The Center’s Administrative Core is integral in managing the Center’s Educational and Training component which is composed of the following three programs designed to support education and research training at the three different levels and organized by the leadership of Drs. Said and Asahina.
Lee Summer Student Research Fellowship:
The Lee Summer Student Fellowship promotes hands-on research training for undergraduate, Master, and medical students. This program was commenced in 2001 based on the center’s endowment established by Dr. Sheng-Pu Lee. The program is aimed at supporting and inspiring the interest of students in research on the center’s theme. Eligible students who are interested in the Program may apply as long as they are able to work at least 8 weeks during the summer on a project related to the center’s theme as full-time fellows in the Center member’s laboratories. From 2015 to 2020, 46 students have been supported by the Program. Applicants are reviewed by Drs. Said and Asahina, and students are required to present their work undertaken in their mentor’s lab at the Progress Report meeting held on the second Friday of August. Upon completion of the fellowship, each student receives a certificate and an award of $800-1,000.
To know more about the past Lee Summer Students and application procedures: https://keck.usc.edu/alpd-and-cirrhosis-research-center/education/lee-summer-fellowship/
Graduate and Post-Graduate Educational Program:
The center continues to support a graduate educational program. A two unit graduate course INTD570 (formerly Pathology 575) entitled “Frontiers of Pathology – Cellular Homeostasis Lecture Series” offered in the spring semester at USC, is entirely supported by the center and coordinated by Kinji Asahina, Keigo Machida, and Hide Tsukamoto. The fundamental principle of the course is to offer graduate and post-graduate students opportunities to directly learn from and interact with leading and cutting-edge scientists in respective fields relevant to cellular homeostasis. The topics do not necessarily cover ALPD but are current mainstream research in cell and molecular biology highly relevant to ALPD and cirrhosis. We, at the ALPD Center, believe that learning cutting edge basic science in cellular homeostasis is essential for promoting the depth and sophistication of our scientific endeavors toward the understanding of the diseases of our center’s primary interest. The classes are taught by guest speakers and are open to graduate students, postdoctoral fellows, pathology residents, faculty, and anyone with an interest in the topic. The course coordinators, in consult with the center investigators and other faculty members, invite distinguished seminar speakers from institutions across the U.S. as well as from foreign institutions. Because of the outstanding guest speakers and the effective outreach measures, the course has become a popular inter-departmental graduate course and a seminar series for research professionals. The number of graduate students taking this course for credit has been from 10-18 students per semester in the previous years.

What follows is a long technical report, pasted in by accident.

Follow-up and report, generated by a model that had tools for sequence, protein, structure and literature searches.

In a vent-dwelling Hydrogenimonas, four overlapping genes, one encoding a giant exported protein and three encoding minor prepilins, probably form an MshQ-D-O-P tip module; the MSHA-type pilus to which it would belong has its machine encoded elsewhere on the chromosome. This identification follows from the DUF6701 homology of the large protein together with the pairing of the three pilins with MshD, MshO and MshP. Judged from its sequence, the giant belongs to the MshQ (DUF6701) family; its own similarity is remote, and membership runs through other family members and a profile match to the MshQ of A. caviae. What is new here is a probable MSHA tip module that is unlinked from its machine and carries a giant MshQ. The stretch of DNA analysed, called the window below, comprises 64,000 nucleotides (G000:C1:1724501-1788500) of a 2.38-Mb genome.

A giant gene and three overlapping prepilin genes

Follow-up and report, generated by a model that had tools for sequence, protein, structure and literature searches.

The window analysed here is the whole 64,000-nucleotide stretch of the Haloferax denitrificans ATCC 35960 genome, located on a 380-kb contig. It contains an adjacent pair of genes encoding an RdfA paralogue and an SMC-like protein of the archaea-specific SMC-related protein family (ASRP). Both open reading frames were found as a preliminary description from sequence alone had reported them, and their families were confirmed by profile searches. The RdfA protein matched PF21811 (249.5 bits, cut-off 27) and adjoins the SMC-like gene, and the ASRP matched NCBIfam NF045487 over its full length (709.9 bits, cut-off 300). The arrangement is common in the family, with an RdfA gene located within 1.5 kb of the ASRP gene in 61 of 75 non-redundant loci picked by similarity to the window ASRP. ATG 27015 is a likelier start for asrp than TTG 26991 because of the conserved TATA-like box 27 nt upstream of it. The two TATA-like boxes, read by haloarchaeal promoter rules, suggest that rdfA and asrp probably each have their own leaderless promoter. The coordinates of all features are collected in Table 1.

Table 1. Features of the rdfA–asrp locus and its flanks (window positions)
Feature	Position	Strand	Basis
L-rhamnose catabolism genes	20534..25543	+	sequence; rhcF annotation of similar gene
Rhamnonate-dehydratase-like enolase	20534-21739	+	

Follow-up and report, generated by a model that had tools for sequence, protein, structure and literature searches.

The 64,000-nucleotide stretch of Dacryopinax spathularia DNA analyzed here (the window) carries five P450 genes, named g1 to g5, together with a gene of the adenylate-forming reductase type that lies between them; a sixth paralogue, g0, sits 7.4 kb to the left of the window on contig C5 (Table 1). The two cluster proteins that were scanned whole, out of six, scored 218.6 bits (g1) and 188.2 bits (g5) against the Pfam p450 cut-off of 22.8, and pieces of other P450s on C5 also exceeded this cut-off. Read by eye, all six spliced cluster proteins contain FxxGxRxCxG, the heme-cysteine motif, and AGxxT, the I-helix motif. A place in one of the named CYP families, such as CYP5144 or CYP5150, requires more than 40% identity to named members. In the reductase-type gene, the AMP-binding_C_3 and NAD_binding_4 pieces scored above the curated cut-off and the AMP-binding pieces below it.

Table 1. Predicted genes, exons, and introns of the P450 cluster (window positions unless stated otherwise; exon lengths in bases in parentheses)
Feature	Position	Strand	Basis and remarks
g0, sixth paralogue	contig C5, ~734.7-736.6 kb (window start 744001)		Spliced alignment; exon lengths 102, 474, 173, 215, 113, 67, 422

The Center investigators also actively participate in teaching on ALPD and cirrhosis at USC graduate courses. Tsukamoto teaches two 2-hour lectures on the pathogenesis of ALD and cirrhosis in the USC General Pathology (INTD 550) and Advanced Pathology (INTD 551) courses. In the same course, Pandol teaches one 2-hour lecture on alcoholic pancreatitis and Said teaches one 2-hour lecture on intestinal vitamin transport in health and disease. Through these lectures, students are educated on the diseases and cellular and molecular mechanisms involved in their pathogeneses.
The Center considers postdoctoral training as one of the most critical educational components in pursuit of the center’s missions. The Center introduces new postdocs to the center’s key supportive components including administrative and technical Cores and educational programs and assist in professional development via educational courses (research ethics, grant writing, career choice, networking) supported by the USC Office of Postdoctoral Affairs and the respective institutions. In the center’s annual symposium, postdoctoral research is showcased by their poster or oral presentations, as well as by the Best Abstract Awards ($300/each) given to abstracts presented at the national meetings in the preceding year. Many of the center postdoctoral fellows have subsequently obtained junior faculty positions including nine during the past five years. These transitions of postdocs to the pathway to independence are the testament to the effective mentorship jointly rendered by senior center investigators, Cores and Pilot Project Program, contributing to the center’s continued growth.